What kind of syntax is this?

This is a discussion on What kind of syntax is this? within the C Programming forums, part of the General Programming Boards category; The sample code accompanying a textbook I'm reading (on image analysis) has function definitions in an unusual syntax that I've ...

  1. #1
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    What kind of syntax is this?

    The sample code accompanying a textbook I'm reading (on image analysis) has function definitions in an unusual syntax that I've never seen before. The compiler accepts it with no complaints, but I'm wondering where this syntax comes from. Anybody know anything about its history?

    Here's a example (not from the book - just my own simple example to show the syntax):
    Code:
    #include <stdio.h>
    
    int
    main( argc, argv )	//This is the part I find unusual.
    	int argc;	//It's sort of nice because provides convenient space to
    	char* argv[];	//attach comments about each of the function arguments.
    {
    	char buffer[100];
    	strcpy(buffer, "world");
    	if( argc == 2 )
    	{
    		   strcpy( buffer, argv[1] );
    	}
    	printf( "Hello, %s\n", &buffer );
    	return 0;
    }

  2. #2
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    argc, argv are arguments to main in C (Google!)

    though I write it like

    Code:
    int main(int argc, char* argv[])

  3. #3
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    Quote Originally Posted by abh!shek View Post
    argc, argv are arguments to main in C (Google!)

    though I write it like

    Code:
    int main(int argc, char* argv[])
    Duh, of course argc and argv are arguments to main. My point is that I've never seen arguments to a function defined on separate lines outside the argument list. Have you?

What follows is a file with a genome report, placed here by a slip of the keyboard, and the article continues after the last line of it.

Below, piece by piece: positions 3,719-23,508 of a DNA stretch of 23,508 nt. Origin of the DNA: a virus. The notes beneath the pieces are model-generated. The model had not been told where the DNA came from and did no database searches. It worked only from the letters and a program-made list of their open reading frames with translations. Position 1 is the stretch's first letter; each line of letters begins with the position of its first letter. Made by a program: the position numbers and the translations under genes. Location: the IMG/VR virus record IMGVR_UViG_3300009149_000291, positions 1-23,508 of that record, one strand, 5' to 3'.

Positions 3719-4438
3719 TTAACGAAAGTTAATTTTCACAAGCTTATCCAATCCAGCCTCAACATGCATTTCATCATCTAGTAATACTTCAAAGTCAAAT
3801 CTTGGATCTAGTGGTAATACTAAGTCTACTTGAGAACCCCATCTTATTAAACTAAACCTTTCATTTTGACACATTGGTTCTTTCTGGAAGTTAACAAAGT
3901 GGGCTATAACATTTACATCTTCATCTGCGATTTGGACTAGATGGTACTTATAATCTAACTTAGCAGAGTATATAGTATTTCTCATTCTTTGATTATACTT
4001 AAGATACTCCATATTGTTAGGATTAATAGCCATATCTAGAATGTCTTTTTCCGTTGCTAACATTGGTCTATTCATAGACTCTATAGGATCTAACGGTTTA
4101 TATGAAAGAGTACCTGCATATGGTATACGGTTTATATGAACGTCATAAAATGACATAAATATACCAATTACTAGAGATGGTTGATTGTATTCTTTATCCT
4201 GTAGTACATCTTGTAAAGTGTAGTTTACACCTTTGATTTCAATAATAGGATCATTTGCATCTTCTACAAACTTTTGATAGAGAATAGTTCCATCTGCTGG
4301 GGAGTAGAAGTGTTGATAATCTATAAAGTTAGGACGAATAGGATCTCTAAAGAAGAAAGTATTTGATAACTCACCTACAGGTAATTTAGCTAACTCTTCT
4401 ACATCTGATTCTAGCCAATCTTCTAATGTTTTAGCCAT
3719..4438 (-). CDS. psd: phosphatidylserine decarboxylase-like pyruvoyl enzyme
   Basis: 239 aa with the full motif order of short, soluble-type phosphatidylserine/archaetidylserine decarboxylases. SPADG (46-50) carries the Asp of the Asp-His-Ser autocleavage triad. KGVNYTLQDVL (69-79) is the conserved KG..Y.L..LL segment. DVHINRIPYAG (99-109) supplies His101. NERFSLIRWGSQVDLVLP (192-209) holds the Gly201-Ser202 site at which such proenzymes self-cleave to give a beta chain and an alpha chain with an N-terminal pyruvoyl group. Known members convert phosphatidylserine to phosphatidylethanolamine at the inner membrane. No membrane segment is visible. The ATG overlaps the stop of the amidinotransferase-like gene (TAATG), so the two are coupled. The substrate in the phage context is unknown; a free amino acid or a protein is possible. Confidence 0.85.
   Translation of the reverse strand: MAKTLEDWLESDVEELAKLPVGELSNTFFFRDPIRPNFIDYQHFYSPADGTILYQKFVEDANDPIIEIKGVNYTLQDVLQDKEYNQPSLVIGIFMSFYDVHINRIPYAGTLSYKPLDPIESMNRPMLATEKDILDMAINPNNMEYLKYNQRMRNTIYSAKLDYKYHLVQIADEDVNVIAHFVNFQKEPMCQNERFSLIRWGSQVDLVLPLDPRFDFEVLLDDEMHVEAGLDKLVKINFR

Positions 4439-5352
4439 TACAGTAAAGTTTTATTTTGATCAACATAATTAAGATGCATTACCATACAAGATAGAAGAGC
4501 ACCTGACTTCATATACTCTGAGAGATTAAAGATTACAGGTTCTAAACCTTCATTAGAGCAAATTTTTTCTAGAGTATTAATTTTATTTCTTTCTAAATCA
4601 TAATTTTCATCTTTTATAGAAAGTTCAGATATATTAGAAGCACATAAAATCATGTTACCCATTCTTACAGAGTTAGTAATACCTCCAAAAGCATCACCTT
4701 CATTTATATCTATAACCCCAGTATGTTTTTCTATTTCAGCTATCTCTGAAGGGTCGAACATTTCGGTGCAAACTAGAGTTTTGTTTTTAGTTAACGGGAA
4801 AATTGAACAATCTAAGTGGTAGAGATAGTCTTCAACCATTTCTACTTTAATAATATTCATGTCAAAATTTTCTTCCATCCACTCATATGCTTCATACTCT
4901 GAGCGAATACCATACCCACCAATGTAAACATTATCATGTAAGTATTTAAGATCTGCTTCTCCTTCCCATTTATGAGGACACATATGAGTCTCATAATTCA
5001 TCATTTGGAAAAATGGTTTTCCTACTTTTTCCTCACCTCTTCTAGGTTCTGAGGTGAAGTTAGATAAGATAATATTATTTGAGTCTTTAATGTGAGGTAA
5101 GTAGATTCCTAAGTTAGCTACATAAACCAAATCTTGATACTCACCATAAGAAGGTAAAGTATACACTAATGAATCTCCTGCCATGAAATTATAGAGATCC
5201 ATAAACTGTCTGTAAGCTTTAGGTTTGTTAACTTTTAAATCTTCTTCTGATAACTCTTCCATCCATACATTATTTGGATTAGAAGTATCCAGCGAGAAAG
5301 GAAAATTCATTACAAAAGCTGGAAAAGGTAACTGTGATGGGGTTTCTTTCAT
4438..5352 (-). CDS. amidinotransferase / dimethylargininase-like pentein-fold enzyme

4. #4
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    That's K&R syntax, which was before ANSI standards.

  5. #5
    and the hat of sweating
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    How old is your book?

  6. #6
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    I've never seen it before either.
    Does it even compile to todays standards?

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    The book is "Practical Algorithms for Image Analysis" by Michael Seul, Lawrence O'Gorman and Michael J. Sammon first published in 2000.

    I don't think it's K&R syntax -- unless it's from K&R's first edition. In my copy of K&R (2nd edition), they say (bottom of pg. 69):
    Code:
    Each function definition has the form:
    return-type function-name( argument declarations)
    {
        declarations and statements
    }
    ...in other words, what I think of as "standard" C.

  8. #8
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    Quote Originally Posted by sand_man View Post
    I've never seen it before either.
    Does it even compile to todays standards?
    GCC 3.3 compiles it with no complaints.
    GCC 4.1 compiles it, with a warning:
    warning: incompatible implicit declaration of built-in function ‘strcpy’
    which obviously has nothing to do with the format of the function name and arguments.

    (I forgot to #include <string.h>)

  9. #9
    CSharpener vart's Avatar
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    Quote Originally Posted by R.Stiltskin View Post
    I don't think it's K&R syntax -- unless it's from K&R's first edition. In my copy of K&R (2nd edition), they say (bottom of pg. 69.
    and still this style is called K&R style and not used anymore nowedays...
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    http://cm.bell-labs.com/cm/cs/cbook/

    The cover advertises it as ANSI C, although the standard wasn't finalized until a year or so later.

  11. #11
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    It is still standard in C99 (refer to section 6.9.1 paragraph 13).
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  12. #12
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    Quote Originally Posted by laserlight View Post
    It is still standard in C99 (refer to section 6.9.1 paragraph 13).
    Here int a, b; is the declaration list for the parameters. The difference between these two definitions is that the first form acts as a prototype declaration that forces conversion of the arguments of subsequent calls to the function, whereas the second form does not.
    Interesting. I didn't know it was legal in ANSI/ISO C, much less there was any difference.

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